United States Botanic Garden

From Academic Kids


The United States Botanic Garden (USBG) is a botanic garden run by the Congress of the United States. It is located in Washington DC. The building itself, which includes a very large greenhouse, is divided into separate rooms, and each room simulates a different habitat.



The USBG is supervised by the Architect of the Capitol, who is responsible for maintaining the grounds of the United States Capitol, and is funded by the National Fund for the USBG. As a ward of Congress, the USBG is open every day except Congressional holidays. This also means that the instituion belongs to the American Public. It cannot be commissioned for private, for-profit events.


In 1838, Charles Wilkes set out on an explorative mission commissioned by Congress to circumnavigate the globe. During this trip, Wilkes collected live and dried specimens of plants, being one of the first such expeditions to make use of wardian cases to maintain live plants on a long voyage. The expedition returned in 1842 with a massive collection of plants previously unknown in the United States. The dried specimens comprised the core of what is now the National Herbarium, which is curated by the Smithsonian Museum of Natural History. The live specimens and seeds came to be housed in the Old Patent Office greenhouse, and were cared for there until 1850. At that time, a botanic garden was built to house the collection, and existed in front of the Capitol; this location is now home to a reflecting pool. In 1933, the building was moved to its present location, just to the southwest of the Capitol. It is bordered by Maryland, First, and Third Streets and Independence Avenue. The building was renovated in the later part of the century, and reopened to the public in late 2001. At the time of closure for renovation, plants in the collection were placed in storage at a production facility, retired to greenhouses in Florida, or composted.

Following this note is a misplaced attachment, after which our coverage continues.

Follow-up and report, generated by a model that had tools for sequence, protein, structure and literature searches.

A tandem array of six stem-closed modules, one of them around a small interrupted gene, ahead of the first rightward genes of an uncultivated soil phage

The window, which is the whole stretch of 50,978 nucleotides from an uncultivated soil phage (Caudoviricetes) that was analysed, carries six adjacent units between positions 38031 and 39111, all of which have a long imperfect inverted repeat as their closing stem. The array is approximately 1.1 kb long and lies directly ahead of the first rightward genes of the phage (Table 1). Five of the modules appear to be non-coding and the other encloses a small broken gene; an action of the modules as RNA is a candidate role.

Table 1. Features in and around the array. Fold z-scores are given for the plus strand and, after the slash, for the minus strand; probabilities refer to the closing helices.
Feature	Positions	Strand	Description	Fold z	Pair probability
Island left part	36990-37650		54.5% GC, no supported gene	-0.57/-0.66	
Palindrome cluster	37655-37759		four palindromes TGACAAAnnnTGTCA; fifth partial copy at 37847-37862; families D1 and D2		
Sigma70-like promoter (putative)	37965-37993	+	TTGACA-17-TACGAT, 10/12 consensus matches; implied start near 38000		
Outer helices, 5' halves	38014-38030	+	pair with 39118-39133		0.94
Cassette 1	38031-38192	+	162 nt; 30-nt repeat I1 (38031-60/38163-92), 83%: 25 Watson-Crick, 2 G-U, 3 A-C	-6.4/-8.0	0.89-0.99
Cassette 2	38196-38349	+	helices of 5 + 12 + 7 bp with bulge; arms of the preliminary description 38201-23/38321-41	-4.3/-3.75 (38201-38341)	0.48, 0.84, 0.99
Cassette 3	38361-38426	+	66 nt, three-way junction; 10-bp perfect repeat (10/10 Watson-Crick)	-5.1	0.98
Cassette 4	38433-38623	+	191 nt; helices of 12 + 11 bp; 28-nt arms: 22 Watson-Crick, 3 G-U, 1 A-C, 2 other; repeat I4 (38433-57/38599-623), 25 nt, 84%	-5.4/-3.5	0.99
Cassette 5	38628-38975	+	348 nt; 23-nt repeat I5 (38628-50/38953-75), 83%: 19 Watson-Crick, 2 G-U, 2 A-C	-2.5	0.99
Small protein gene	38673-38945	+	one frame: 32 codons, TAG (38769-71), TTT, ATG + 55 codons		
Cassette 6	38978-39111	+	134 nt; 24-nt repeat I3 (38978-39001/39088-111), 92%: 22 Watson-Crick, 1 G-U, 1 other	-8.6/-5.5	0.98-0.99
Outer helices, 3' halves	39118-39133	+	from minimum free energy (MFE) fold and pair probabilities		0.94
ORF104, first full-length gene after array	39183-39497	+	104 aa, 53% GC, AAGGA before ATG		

The Botanic Garden also cares for Bartholdi Park, on its south side, which is so named for the beautiful fountain in the garden's center, designed by Frédéric Bartholdi.

However, neither of these are the official "National Garden". Construction is currently underway on a garden on the USBG's west border, which will officially be know as the National Garden. Opening is slated for Summer 2006.

Physical Plant

The USBG proper consists of three locations: the Conservatory, Bartholdi Park, and the Production Facility.

The Garden Conservatory consists of 10 "rooms" and two courtyards: the Garden Court, Rare and Endangered Plants, Plant Exploration, the Orchid House, Medicinal Plants, the Desert, the Oasis, the Garden Primeval, Plant Adaptation and the Jungle, and the Childrens Garden and Meditation Garden (Southern Exposure) Courtyards. Each of these rooms highlights the uniqueness of plants in some way, or teaches about the goals of the USBG. The largest room is the Jungle, which also has a 2nd story catwalk, so that the jungle canopy may be observed from both below and above.